After the rapid global transition to remote teaching during semester 1, 2020 our ANU CLT Education Design Team thought it would be great to showcase how ANU academics are using Zoom breakout rooms in different ways through a series of blog posts. So, if you are feeling:
- Zoomed out
- not able to offer the best experience you can
- keen to learn new ideas and ways of using Zoom but are too flat out to fully explore
- or all of the above and more!
Then our new blog post series should help. It will present tips and tricks from ANU academics to help you get the most out of Zoom without having to venture far into the realm of the internet!
Perhaps you have already explored breakout rooms. What ways have you found most useful for Zoom breakout rooms? What resources have you found helpful? Let us know your tips or questions in the comments section of this blog.
If you’re a breakout room newbie and feel like you need a safe practice session with CLT staff like Elena did (see below), schedule a time or email CLT@anu.edu.au
What are Zoom breakout rooms?
Zoom breakout rooms are the online equivalent of tutorial tables for students – with added extra tools they can use. So, all the ideas and strategies that you might use for small group discussions and activities in a class – can be used in breakout rooms. Students join a main room and are then able to join an assigned breakout room. They can also return to the main room when required.
For technical information about using breakout rooms:
- Zoom website
- ANU CLT Teaching Remote Wattle site section on Running Remote Lectures and Tutorials
- ANU How to Setup and Host Zoom Wattle site
Practice makes perfect. Dr Elena Capatina (CBE) shares her experience of her first Zoom session with students.
Dr Elena Capatina (CBE) practiced how to use breakout rooms with CLT Educational Designer, Claire Brooks during one of the ED drop-in sessions and then transitioned to smooth and accomplished use of breakout rooms with her students. She comments:
“I think it was just great I had the practice with you, thank you so much!”
Elena took CLT’s advice and held a “getting -to- know- one another and the Zoom platform” session with her students and it paid off.
“First of all, the students were so happy to be there and interact. They were a bit shy to show themselves at first, but then I split them up into break-out rooms and that was the best part. They started talking and turning their cameras on, and once they were back in the main room, they started talking more. I did a couple of polls with them too.”
She also investigated recording the main session for students who couldn’t come to a live tutorial.
The first time I ran the live tutorial, I thought the break-out rooms would not be recorded. But it turns out that Zoom records the break-out rooms when the host is present! Now I know and when I do break-out rooms I pause the recording. I find that this makes students much more comfortable – almost all of them keep cameras off and only turn them on during break-out rooms. And they are more comfortable to ask questions when not recorded.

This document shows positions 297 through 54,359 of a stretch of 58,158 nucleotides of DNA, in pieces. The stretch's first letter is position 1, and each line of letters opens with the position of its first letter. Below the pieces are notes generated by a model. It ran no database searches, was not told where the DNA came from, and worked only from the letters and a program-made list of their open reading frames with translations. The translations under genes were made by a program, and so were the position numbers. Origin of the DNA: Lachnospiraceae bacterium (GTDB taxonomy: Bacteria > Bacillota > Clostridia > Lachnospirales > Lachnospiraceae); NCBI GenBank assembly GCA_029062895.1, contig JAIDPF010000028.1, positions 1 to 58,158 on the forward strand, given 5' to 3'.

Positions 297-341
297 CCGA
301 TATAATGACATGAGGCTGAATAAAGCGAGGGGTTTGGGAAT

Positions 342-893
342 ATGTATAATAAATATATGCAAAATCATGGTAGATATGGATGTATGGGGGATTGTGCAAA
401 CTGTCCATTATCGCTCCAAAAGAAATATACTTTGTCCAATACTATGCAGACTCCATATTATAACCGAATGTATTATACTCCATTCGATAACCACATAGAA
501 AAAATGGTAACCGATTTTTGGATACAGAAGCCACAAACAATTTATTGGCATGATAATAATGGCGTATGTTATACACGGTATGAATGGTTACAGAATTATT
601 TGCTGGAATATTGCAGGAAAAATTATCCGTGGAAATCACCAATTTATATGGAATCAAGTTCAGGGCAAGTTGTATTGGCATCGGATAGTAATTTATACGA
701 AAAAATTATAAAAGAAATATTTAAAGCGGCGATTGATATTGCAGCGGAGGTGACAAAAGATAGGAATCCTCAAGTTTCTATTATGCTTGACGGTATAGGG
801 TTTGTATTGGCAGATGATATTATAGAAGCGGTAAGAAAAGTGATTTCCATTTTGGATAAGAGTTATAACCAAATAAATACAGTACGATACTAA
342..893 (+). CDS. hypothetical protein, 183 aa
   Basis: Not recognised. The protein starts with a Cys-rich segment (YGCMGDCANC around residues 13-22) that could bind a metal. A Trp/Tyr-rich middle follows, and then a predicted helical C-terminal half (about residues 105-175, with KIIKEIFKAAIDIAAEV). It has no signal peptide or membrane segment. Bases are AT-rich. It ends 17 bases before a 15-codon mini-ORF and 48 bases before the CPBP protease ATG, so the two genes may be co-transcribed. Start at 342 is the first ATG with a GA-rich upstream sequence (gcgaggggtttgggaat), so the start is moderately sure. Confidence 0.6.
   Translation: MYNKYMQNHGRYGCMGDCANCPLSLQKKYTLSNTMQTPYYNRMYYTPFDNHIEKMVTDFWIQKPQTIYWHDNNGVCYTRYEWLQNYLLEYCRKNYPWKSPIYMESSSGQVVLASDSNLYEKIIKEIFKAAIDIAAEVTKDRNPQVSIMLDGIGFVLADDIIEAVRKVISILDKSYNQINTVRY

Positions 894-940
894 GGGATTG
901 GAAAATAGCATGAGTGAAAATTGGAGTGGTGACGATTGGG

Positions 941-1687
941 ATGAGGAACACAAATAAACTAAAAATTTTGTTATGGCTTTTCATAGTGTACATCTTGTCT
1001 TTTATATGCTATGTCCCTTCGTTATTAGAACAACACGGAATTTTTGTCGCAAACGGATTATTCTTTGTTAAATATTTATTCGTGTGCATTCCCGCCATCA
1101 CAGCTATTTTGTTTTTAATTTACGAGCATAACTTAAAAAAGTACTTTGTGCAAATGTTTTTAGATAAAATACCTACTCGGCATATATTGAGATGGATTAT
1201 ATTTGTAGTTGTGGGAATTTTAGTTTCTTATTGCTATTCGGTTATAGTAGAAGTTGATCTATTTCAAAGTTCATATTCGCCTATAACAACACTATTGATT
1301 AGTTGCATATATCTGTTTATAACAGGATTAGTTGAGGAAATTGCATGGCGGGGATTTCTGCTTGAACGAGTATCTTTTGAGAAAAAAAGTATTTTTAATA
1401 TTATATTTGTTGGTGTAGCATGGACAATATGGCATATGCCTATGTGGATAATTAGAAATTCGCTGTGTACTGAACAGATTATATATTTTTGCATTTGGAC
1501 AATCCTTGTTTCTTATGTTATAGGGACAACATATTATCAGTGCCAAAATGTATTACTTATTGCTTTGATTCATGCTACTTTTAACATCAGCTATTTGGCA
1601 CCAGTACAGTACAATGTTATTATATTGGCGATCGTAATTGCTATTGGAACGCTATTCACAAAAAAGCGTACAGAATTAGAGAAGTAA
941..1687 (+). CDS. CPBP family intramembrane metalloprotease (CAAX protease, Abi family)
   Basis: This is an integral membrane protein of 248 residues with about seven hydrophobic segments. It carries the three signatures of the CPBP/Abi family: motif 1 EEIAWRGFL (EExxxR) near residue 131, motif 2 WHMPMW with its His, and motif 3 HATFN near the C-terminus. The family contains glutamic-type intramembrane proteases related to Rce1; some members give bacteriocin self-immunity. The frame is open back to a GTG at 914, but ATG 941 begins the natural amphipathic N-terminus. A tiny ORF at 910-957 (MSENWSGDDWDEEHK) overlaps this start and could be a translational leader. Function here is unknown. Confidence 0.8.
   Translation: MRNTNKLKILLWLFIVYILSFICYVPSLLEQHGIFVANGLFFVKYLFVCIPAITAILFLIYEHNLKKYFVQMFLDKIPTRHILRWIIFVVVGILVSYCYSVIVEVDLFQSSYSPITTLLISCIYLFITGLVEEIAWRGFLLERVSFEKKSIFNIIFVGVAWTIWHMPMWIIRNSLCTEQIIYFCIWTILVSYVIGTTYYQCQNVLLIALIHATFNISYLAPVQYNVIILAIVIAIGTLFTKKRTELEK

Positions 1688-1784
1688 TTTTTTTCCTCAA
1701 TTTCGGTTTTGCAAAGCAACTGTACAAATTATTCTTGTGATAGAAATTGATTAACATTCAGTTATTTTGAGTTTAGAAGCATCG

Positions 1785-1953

Key tips and suggestions for using zoom Breakout rooms effectively from Associate Professor Sara Bice, The Crawford School of Public Policy.
Ever had that awkward feeling when you find yourself in a room with strangers and no-one knows what they are supposed to be talking about? That’s likely to be how your students feel on Zoom. Sara Bice, currently in lock down in Melbourne, shared some useful strategies for teaching remotely using Zoom:
1- Provide clear small group activity instructions before your live discussion forum
I’ve found Zoom Breakout Rooms to be very helpful for replacing the interactive, small group discussions I would normally hold in class. Here are some tips on what I’ve found works:
At the end of each pre-recorded Lecture, I set a clear, short ‘Discussion Activity’. Students need to post an individual response to this on our shared class padlet (please insert a link to Padlet https://padlet.com/) before our next live discussion.
These activities also often involve small group work, such as answering a specific question about a case or concept together during the live discussion.
Providing clear instructions in advance:
- gives students a heads-up that they’re going to need to actively participate
- saves you time so that you don’t have to give out the instructions and explain once you’re online
- gives students a reason and opportunity to contact their peers outside of the ‘formal’ channel.
I’ve found this to be the biggest benefit of these activities, as it’s helped to create the collegiality that would otherwise form by students having contact with one-another in the classroom.
2 – You set the groups
Assign groups prior and give students the opportunity to contact each other. I’ve found that works really well. (Please know that you can also use Zoom to randomly allocate groups to breakout rooms (there is an ‘automatically assign’ button). This can be fun, as students don’t know who they’ll be paired with and can be great for facilitating discussion among smaller groups).
3 – Control the amount of time for small group work and let students know when their time is up
Don’t forget to let your students know that they can ‘ask for help ‘ from within the breakout room (like ‘raising your hand’ in the main room) and you can join them.